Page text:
In March 2009, the Ministry of Commerce of the PRC (MOFCOM) issued a series of three circulars to delegate its approval authority over certain foreign investment matters to its local counterparts in provinces, autonomous regions, municipalities, various cities and national economic and technological development zones (ETDZs) (together, the Local Commerce Authorities). These circulars are entitled, respectively, the Circular on Further Improving the Work on the Examination and Approval of Foreign Investment Projects, the Circular on Delegating the Authority to Examine and Approve the Establishment of Investment Companies by Foreign Investors, Circular  No. 8, Circular 8), and the Circular on Approval Matters Relating to Foreign-Invested Venture Investment Enterprises and Venture Investment Management Enterprises, Circular  No. 9, Circular 9). By delegating its approval authority in certain areas of foreign investment, including encouraged industries, holding companies and venture investment enterprises, MOFCOM has considerably simplified examination and approval procedures for foreign investment in these areas. Circulars 7, 8 and 9 are expected to have a stimulating effect on foreign direct investment in China.
As disclosed in MOFCOM’s recent press conference on April 15, 2009, China’s foreign investment statistics have been steadily declining for the past six months. In an effort to boost foreign direct investment amidst the international economic meltdown, MOFCOM has taken a series of steps to coax wary foreign investors back to China. One such step is MOFCOM’s delegation of its approval authority over certain foreign investment projects as specified in Circular 7. According to this circular, foreign investment projects in encouraged industries that previously fell within MOFCOM’s purview (e.g., projects with a total investment over US$100 million) and do not affect the overall national equilibrium will now be examined and approved by Local Commerce Authorities. The scope of the authority that MOFCOM granted to Local Commerce Authorities includes approving the establishment of new foreign-invested enterprises (FIEs), as well as changes to existing FIEs previously approved by MOFCOM.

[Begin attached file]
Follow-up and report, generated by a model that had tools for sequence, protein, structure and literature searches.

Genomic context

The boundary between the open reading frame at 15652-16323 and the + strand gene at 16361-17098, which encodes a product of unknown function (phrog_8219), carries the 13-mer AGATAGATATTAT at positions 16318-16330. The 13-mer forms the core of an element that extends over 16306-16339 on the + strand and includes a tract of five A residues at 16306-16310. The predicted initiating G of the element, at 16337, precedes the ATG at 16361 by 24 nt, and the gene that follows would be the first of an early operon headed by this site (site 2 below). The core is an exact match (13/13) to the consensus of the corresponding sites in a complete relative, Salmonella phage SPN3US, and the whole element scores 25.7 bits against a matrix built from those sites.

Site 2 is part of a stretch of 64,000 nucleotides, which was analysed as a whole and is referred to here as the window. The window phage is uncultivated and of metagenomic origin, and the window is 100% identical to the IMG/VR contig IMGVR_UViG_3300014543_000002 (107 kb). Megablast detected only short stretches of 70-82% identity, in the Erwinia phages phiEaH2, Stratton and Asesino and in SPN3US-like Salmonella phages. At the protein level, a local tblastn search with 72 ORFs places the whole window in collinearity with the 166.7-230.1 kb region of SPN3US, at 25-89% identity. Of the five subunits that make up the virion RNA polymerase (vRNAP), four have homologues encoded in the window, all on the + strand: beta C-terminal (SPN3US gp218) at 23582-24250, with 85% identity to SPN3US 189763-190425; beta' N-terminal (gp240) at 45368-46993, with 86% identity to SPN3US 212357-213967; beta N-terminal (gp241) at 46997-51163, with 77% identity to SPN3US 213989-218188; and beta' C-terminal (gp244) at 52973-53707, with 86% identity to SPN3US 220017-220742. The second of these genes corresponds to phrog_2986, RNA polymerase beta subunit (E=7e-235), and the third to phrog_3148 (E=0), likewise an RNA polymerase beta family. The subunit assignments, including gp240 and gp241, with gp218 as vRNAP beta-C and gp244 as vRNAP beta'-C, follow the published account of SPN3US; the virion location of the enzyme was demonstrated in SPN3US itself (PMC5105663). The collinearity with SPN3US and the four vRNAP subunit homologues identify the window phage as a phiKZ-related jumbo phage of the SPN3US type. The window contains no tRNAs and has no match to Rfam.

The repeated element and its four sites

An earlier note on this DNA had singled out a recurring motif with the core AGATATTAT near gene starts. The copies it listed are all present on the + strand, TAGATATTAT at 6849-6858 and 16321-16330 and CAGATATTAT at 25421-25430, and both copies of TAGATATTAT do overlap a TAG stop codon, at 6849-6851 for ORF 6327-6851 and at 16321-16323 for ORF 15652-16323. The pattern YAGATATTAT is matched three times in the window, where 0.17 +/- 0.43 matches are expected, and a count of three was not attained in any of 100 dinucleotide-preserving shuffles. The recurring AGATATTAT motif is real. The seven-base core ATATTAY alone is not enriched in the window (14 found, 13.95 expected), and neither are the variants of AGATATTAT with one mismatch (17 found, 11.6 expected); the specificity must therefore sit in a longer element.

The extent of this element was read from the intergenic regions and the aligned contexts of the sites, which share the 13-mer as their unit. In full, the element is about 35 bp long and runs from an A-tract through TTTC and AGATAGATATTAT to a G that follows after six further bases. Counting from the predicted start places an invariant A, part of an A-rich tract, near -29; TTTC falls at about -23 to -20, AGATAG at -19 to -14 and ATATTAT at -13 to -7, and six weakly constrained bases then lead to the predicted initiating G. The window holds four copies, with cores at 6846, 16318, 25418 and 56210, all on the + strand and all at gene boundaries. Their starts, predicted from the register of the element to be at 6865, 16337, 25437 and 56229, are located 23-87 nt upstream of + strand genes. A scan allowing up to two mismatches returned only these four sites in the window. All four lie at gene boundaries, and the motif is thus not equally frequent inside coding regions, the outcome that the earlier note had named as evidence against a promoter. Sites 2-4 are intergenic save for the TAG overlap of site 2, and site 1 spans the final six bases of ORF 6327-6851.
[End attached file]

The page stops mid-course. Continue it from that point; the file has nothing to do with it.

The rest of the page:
Circular 7 also authorizes Local Commerce Authorities to approve mergers with, and acquisitions of, domestic enterprises in encouraged or permitted industries where the deal value is not more than US$100 million, and those in restricted industries where the deal value is not more than US$50 million. In addition, Circular 7 grants Local Commerce Authorities in various cities and ETDZs the same authority in approving foreign investments as was previously enjoyed by Local Commerce Authorities at the provincial level.
The scope of authority granted to Local Commerce Authorities in Circular 7 does not extend, however, to approving capital increases beyond the threshold stipulated by the State Development and Reform Commission or equity transfers that would result in a shift of control from Chinese investors to foreign investors. Moreover, Circular 7 does not provide Local Commerce Authorities with approval authority in areas and industries where special policies or regulations call for central MOFCOM approval, unless MOFCOM specifically grants authorization.
Circulars 8 and 9 are the first two pieces of legislation following Circular 7 to empower Local Commerce Authorities in specially-regulated foreign investment areas. Before the issuance of these circulars, for example, central MOFCOM’s approval was required to establish or change foreign-funded holding companies (Holding Companies) and venture investment enterprises (VIEs). Circulars 8 and 9 lift this requirement, and delegate approval authority to Local Commerce Authorities in these two areas. Specifically, Local Commerce Authorities now have the authority to examine and approve the establishment of or change to any Holding Company or VIE with a registered capital of not more than US$100 million. Changes to Holding Companies or VIEs previously approved by MOFCOM, except for single capital increases of over US$100 million or changes in the major investors, will also come under the purview of Local Commerce Authorities. The ETDZs are granted the same authority as other Local Commerce Authorities with respect to VIEs, but not Holding Companies. No further delegation of approval authority by Local Commerce Authorities or ETDZs is permitted.
The delegation of authority provided under Circulars 7, 8 and 9 allows foreign investors and FIEs to avoid the costs and inconvenience associated with applying for approval at the central government level, and obtain the necessary administrative authorization at the local level as long as they meet certain criteria set forth in the Circulars. Nonetheless, foreign investors and FIEs should understand that the Circulars do not make any changes to the substantive rules or criteria relating to the approval and administration of foreign investment activities in China. Local Commerce Authorities and ETDZs do not have broad discretion to approve foreign investment activities as they see fit; rather, they must strictly adhere to the general laws and other administrative rules and regulations governing foreign investment activities (e.g., the well-known M&A Rules revised in 2006) when exercising their newfound authority.